Identifying Different Types of Oak Trees
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Picture a typical tree. Odds are you didn’t imagine a palm or sequoia, but rather, one of the most quintessential trees in the world — the mighty oak. Famed for their hardiness and longevity, all oak trees belong to the genus Quercus. Here’s a basic overview on distinguishing between the two broad groups of oaks and how to identify common species.
Red vs. White
There are 600 types of oak trees worldwide, each with distinct habitats, leaf shapes, and growth patterns. People generally divide oak trees into two main categories — red and white. These groups are based on how the trees look and behave.
Where did the two groups get their names? Red oak leaves often turn red in the autumn, while white oaks get their name from the color of their finished wood. But these aren’t reliable ways of telling the types of oak trees apart. For example, some white oak leaves also turn red in the fall, and red oak planks can be pale in color. Instead, look at:
- Leaf Shape
Red oak leaves tend to have spiny tips, with small hairs sticking off of each point. They can also have leaves with jagged angles and lobes spaced further apart. White oak leaves generally have smooth, rounded, closely-spaced lobes with no bristles.
While there are exceptions to the rule, it’s true that red oak leaves usually turn deep red or purple in the fall, while white oak leaves either stay green or turn yellow or brown.
In contrast to their sharp, jagged leaves, red oak trees usually have smoother bark than white oaks, giving it a flatter appearance. It almost looks like someone took a sanding block and smoothed the bark down. However, this doesn’t hold true for all species, and some older specimens have deeply furrowed bark.
White oak trees tend to have deeper grooves and taller ridges in their bark, which looks and feels rougher than red oak bark. It often looks thick and scaly.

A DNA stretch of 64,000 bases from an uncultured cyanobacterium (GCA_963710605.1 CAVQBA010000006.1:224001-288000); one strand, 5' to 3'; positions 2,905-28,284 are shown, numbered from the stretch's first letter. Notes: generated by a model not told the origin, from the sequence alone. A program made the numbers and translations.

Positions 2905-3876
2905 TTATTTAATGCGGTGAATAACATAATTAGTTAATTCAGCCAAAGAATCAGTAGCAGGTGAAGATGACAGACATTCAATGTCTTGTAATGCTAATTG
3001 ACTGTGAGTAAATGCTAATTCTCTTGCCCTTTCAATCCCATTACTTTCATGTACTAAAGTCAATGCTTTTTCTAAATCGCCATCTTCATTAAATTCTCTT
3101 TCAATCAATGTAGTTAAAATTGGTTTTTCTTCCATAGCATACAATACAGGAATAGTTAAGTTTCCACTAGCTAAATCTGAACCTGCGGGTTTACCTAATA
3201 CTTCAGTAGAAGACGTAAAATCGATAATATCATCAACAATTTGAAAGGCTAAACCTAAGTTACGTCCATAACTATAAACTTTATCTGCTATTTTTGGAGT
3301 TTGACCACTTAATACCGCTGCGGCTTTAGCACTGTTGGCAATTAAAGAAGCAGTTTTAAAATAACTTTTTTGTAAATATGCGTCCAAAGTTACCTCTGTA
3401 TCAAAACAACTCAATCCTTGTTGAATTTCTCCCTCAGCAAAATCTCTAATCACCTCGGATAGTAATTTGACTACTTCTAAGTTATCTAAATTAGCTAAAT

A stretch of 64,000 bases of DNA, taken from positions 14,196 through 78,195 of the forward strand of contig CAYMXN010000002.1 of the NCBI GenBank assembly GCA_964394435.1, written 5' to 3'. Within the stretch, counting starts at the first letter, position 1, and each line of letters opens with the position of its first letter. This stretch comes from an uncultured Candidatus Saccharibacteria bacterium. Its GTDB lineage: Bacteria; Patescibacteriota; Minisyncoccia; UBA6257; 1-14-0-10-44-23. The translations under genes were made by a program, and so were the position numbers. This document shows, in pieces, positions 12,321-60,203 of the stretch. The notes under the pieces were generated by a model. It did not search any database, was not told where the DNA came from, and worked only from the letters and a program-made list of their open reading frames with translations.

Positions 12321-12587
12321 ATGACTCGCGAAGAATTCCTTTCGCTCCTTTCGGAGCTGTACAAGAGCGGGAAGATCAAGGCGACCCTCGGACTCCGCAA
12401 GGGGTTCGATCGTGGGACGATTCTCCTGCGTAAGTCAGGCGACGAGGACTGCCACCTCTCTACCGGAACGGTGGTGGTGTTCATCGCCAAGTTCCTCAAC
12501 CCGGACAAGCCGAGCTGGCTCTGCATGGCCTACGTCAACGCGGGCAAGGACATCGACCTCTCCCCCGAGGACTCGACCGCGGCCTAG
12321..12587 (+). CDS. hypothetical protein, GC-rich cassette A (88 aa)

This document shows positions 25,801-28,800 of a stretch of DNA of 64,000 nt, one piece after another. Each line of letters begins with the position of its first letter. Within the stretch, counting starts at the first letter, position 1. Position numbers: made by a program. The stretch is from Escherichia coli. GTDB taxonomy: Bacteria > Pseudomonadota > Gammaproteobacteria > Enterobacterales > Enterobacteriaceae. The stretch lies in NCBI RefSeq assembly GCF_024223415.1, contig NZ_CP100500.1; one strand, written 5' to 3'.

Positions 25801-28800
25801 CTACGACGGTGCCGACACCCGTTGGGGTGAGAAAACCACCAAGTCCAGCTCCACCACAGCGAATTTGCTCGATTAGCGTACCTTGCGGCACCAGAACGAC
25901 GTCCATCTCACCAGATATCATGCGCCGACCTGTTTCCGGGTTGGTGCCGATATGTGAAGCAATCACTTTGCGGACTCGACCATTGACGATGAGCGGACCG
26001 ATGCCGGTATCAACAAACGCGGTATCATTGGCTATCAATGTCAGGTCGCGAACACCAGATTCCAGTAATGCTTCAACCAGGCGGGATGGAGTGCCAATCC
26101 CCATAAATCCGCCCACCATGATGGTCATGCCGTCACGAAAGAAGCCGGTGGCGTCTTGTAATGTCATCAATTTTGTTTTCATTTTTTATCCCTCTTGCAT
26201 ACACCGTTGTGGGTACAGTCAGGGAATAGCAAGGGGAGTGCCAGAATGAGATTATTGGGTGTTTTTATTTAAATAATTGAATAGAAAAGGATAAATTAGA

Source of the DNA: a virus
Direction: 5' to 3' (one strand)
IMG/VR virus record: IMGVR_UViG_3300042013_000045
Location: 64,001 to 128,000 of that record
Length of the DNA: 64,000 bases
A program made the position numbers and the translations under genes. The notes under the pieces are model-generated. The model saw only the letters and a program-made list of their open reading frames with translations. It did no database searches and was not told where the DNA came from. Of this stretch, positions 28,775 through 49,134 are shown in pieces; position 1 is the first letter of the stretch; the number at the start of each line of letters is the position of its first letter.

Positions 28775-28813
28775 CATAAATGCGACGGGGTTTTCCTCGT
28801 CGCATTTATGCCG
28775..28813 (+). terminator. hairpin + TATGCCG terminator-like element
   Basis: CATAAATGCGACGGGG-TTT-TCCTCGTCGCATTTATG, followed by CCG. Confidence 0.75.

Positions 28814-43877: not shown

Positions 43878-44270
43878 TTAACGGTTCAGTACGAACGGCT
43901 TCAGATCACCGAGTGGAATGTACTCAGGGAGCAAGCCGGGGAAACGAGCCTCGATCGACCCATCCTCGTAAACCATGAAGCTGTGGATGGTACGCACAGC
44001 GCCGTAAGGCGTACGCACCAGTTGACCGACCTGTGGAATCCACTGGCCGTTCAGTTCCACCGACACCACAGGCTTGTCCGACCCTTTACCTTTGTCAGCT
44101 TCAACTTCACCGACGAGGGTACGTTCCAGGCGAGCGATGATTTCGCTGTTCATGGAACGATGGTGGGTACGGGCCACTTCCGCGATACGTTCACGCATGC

All oak trees produce acorns, which are their fruit. Each acorn contains a single seed inside its tough outer case.
Wildlife tends to prefer eating white acorns over red because of their lower tannin content. Tannins make fruit taste bitter and act as a deterrent to bacteria and fungi. However, this isn’t a reliable way to tell the types of oak trees apart, since you shouldn’t taste the acorns yourself!
Instead, look at the visual characteristics of the acorns. Red oak acorns have small scales on their cup — the part that looks like a hat — while white oak acorns have a more knobby cap. Red oak acorns are smaller, have a pointed tip, and take two years to mature. White oak acorns are bigger, possess a rounded tip, and take just one year to finish growing.
- Finished Wood
Another way to classify oak trees into red or white is by looking at their wood. This technique isn’t useful for identifying types of oak trees in the field, but it gives you one more way to distinguish them.
Red oak wood looks more porous than white oak wood, with open grains that you may even be able to blow air through. White oak wood is close-grained and has very small pores, making it much more water resistant than red oak wood.
Common Types of White Oak Trees in the U.S.
Forests cover about 30% of the Earth, with oaks comprising a huge portion of North America’s woods. The following types of white oak trees are common in landscaping and in the wild:
- Post Oak